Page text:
Introducing Project Bloks
One of the big things about teaching kids how to program is that they can express ideas that they wouldn't be able to express otherwise. Young kids, you know, they learn by being social, by being collaborative, by playing with things, by exploring with their hands.
I think if one moves away from the screen and keyboard coding it's far easier for young people to work collaboratively and working collaboratively to solve problems is what happens out in the real world.
One of the cool things about tangible programming is accessibility. You've got the little kids who can't read and write yet but then you've also got students who have dyslexia who can access coding without having a thousand syntax errors.
As a first step we've created a system for tangible programming and this system consists of 3 main components. The Brain Board, Base Boards and Pucks. The Base Board works by placing a Puck onto it and Pucks can be programmed with different instructions like turn on or off, move in a direction or increase amount.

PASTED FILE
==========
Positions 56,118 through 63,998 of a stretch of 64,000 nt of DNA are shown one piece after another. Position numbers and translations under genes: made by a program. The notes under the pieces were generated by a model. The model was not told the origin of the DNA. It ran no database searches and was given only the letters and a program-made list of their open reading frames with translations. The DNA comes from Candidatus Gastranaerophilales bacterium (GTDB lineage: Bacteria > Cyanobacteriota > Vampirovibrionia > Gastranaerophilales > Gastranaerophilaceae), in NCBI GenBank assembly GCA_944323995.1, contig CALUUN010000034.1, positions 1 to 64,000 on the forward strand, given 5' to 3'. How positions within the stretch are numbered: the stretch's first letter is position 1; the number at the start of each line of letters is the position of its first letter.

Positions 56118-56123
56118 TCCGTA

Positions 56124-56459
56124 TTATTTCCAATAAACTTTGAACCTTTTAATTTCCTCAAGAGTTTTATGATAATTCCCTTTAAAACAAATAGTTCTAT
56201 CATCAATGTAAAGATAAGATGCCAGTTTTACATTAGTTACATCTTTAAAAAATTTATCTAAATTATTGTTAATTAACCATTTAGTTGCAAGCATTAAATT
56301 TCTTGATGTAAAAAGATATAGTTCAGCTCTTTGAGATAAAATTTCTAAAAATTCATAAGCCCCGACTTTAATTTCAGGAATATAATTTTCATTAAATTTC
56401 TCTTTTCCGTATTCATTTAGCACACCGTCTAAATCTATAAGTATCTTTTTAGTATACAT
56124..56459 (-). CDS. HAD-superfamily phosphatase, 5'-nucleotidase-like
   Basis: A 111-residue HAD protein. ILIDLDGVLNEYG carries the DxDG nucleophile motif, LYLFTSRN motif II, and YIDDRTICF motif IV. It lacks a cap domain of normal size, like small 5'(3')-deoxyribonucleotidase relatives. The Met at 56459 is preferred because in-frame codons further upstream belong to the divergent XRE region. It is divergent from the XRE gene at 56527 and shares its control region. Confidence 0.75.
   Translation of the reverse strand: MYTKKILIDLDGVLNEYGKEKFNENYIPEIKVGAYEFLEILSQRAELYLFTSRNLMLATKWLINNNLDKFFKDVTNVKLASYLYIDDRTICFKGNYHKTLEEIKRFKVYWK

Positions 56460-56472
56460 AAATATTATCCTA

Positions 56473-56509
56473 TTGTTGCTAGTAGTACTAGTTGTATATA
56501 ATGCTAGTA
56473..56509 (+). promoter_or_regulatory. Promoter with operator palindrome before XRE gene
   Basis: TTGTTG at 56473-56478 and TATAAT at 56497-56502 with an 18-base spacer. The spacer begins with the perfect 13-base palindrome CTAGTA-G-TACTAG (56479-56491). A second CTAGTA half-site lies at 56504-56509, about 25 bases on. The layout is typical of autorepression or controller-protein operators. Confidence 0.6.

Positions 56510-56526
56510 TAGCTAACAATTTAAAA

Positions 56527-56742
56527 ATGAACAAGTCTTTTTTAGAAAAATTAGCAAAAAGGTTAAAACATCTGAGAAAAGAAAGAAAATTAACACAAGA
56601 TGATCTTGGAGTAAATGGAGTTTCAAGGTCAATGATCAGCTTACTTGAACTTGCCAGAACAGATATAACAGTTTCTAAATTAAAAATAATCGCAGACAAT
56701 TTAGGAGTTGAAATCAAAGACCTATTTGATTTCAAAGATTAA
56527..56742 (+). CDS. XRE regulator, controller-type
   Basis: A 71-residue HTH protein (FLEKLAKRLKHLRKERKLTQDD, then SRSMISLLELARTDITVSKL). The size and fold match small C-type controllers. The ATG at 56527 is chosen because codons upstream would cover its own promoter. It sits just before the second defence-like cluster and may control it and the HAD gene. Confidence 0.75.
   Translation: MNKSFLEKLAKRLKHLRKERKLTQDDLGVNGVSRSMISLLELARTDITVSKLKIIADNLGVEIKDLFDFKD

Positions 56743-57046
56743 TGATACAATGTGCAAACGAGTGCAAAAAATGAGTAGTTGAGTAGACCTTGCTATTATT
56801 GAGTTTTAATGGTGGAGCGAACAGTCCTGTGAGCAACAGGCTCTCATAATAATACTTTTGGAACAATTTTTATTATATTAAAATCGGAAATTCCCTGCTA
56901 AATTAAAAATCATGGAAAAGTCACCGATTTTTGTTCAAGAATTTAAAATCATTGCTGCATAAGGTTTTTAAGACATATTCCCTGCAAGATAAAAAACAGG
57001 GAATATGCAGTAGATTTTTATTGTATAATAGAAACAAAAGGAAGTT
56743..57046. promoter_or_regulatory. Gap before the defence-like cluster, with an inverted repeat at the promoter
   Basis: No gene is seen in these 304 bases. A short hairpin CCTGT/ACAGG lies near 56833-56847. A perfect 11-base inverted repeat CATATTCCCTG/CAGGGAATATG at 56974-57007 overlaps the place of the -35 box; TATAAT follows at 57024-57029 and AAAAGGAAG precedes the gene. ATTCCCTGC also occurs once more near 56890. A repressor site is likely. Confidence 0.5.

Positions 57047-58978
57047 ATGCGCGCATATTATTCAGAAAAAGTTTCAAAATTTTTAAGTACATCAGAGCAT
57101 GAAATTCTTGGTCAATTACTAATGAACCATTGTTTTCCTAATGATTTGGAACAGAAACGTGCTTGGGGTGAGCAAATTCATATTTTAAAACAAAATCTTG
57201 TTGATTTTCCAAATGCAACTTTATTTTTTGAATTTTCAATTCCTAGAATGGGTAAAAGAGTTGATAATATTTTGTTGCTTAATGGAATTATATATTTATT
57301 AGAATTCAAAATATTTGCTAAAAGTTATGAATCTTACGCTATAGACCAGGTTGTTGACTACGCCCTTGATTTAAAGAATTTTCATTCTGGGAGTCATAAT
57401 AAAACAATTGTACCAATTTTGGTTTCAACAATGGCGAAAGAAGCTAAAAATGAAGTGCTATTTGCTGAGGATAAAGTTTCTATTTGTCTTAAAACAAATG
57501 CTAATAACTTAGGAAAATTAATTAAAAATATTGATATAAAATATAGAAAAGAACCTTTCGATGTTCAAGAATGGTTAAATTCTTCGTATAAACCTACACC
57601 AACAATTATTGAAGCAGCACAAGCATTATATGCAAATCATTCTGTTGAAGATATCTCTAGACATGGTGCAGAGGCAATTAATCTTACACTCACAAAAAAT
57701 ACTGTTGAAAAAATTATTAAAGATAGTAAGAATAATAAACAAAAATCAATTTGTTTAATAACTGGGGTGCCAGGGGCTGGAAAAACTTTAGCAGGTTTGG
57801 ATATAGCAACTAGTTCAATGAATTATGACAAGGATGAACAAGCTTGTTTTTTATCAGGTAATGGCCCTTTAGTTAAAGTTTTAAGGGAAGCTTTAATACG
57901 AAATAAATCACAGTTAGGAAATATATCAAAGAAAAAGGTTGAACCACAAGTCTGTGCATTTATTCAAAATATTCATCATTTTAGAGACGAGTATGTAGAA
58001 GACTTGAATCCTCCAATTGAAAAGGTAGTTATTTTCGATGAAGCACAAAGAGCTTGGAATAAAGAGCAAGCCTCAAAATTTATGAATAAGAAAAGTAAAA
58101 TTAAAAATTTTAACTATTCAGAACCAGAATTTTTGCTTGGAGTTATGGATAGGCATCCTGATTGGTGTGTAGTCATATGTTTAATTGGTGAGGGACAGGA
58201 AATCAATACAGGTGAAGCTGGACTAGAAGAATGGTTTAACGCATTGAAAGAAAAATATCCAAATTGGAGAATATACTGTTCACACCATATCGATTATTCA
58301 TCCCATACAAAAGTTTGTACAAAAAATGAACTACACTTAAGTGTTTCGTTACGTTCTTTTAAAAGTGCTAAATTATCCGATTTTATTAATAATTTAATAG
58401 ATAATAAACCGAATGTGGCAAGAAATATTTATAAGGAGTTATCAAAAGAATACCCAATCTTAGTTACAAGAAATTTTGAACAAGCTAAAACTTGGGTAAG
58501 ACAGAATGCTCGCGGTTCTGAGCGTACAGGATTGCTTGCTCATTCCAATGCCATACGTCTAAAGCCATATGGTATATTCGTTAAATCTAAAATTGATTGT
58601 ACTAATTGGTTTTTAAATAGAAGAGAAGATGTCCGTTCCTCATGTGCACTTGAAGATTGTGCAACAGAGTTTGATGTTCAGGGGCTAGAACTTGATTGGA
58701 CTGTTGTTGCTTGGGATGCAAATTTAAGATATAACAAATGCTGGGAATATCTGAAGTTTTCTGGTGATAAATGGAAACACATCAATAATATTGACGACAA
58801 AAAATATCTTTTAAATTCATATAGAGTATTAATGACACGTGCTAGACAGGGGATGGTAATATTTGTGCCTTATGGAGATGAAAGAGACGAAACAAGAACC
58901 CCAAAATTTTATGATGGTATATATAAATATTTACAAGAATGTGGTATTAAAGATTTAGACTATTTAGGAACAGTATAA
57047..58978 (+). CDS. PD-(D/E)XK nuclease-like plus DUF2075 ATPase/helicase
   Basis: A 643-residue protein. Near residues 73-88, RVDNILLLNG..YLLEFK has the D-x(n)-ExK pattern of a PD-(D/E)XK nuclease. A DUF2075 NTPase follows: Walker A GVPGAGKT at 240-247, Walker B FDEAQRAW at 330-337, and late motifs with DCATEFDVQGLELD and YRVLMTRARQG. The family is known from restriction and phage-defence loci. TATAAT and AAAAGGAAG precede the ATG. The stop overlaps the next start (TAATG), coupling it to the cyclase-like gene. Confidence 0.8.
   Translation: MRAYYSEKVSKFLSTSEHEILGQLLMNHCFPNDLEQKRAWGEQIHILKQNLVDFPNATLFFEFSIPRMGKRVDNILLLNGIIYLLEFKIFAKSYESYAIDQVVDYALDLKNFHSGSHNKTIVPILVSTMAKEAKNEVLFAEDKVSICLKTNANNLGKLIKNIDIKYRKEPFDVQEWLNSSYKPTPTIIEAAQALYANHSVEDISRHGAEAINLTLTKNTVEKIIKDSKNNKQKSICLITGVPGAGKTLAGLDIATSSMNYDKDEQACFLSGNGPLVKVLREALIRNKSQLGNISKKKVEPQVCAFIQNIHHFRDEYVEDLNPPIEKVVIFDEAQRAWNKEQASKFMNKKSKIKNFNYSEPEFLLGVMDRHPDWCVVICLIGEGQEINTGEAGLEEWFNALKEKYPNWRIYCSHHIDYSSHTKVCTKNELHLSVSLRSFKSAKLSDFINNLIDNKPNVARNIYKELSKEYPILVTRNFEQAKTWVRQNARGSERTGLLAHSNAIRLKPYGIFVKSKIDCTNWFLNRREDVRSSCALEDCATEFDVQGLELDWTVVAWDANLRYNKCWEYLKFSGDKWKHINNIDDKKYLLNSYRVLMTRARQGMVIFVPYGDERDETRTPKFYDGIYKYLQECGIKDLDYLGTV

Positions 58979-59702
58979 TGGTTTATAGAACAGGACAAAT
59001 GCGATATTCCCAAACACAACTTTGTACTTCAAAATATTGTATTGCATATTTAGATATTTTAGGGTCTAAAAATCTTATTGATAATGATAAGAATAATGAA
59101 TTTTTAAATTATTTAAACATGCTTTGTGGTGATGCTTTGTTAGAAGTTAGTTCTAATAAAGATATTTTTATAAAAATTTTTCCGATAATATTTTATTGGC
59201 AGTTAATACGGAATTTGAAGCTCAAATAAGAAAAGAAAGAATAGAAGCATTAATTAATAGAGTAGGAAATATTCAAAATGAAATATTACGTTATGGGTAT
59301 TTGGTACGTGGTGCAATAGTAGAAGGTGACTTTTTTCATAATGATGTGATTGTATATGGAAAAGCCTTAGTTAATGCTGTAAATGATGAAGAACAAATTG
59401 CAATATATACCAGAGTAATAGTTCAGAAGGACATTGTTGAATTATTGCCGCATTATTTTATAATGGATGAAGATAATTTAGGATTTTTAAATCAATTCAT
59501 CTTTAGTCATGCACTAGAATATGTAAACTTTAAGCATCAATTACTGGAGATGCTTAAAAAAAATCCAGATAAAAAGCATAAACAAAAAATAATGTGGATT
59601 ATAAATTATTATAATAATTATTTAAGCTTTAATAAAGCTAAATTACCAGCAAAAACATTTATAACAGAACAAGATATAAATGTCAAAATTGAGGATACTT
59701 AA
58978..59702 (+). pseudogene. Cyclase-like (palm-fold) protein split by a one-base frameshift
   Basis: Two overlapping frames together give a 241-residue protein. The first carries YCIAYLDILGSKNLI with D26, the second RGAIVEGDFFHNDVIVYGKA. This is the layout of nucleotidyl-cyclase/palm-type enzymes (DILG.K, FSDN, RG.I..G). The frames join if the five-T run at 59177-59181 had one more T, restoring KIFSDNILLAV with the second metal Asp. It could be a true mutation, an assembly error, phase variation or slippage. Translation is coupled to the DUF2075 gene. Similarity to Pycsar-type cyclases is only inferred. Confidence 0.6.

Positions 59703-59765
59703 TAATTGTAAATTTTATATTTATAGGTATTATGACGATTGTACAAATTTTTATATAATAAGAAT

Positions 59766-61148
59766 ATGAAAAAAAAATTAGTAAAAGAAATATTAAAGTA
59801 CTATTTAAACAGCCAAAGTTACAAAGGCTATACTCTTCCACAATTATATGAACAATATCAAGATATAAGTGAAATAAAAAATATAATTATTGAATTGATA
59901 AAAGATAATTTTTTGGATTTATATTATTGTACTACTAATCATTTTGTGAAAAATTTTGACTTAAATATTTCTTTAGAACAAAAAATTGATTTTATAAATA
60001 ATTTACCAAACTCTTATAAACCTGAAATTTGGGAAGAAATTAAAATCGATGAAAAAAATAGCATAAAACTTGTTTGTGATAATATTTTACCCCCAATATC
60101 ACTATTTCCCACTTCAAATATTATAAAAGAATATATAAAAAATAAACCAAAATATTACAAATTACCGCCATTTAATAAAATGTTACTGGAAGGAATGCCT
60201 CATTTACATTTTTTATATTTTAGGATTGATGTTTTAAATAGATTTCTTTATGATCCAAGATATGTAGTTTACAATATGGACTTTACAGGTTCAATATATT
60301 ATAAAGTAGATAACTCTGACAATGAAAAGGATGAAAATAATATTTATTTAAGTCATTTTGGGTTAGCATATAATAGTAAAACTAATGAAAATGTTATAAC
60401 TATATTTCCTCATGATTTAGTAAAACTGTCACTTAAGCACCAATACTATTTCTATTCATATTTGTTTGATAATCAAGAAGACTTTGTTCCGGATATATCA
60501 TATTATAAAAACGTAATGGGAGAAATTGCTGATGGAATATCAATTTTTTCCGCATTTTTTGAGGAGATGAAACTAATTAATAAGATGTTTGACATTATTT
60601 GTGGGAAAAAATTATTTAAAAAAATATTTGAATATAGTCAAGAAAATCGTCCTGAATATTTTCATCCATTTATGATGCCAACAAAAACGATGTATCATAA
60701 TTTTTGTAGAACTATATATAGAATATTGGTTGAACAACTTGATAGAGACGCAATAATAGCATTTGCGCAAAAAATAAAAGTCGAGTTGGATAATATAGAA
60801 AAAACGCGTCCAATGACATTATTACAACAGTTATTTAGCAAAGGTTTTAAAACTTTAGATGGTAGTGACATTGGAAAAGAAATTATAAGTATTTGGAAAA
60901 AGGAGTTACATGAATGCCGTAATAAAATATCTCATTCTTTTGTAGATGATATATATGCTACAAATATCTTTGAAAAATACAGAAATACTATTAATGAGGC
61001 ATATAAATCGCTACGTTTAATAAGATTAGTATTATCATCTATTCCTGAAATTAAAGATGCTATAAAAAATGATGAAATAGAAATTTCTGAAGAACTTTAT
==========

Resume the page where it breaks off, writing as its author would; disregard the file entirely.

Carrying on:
The board then simply reads that pucks instruction, the Brain Board provides power and connectivity and when you connect Base Boards to it it can read the instructions and send them to connected objects like a toy or a tablet.
Like a Music Maker, where you use physical code to compose music and send it to a wireless speaker. Or a Sensor Lab, where you use physical code to experiment with sensors around you, like detecting a drop in temperature and then switching on a light.
You are now enabling every maker out there to come up with their solution to what could be tangible computing, so suddenly as a teacher I'm excited because the whole world is going to be developing tools that I could potentially use in my classroom.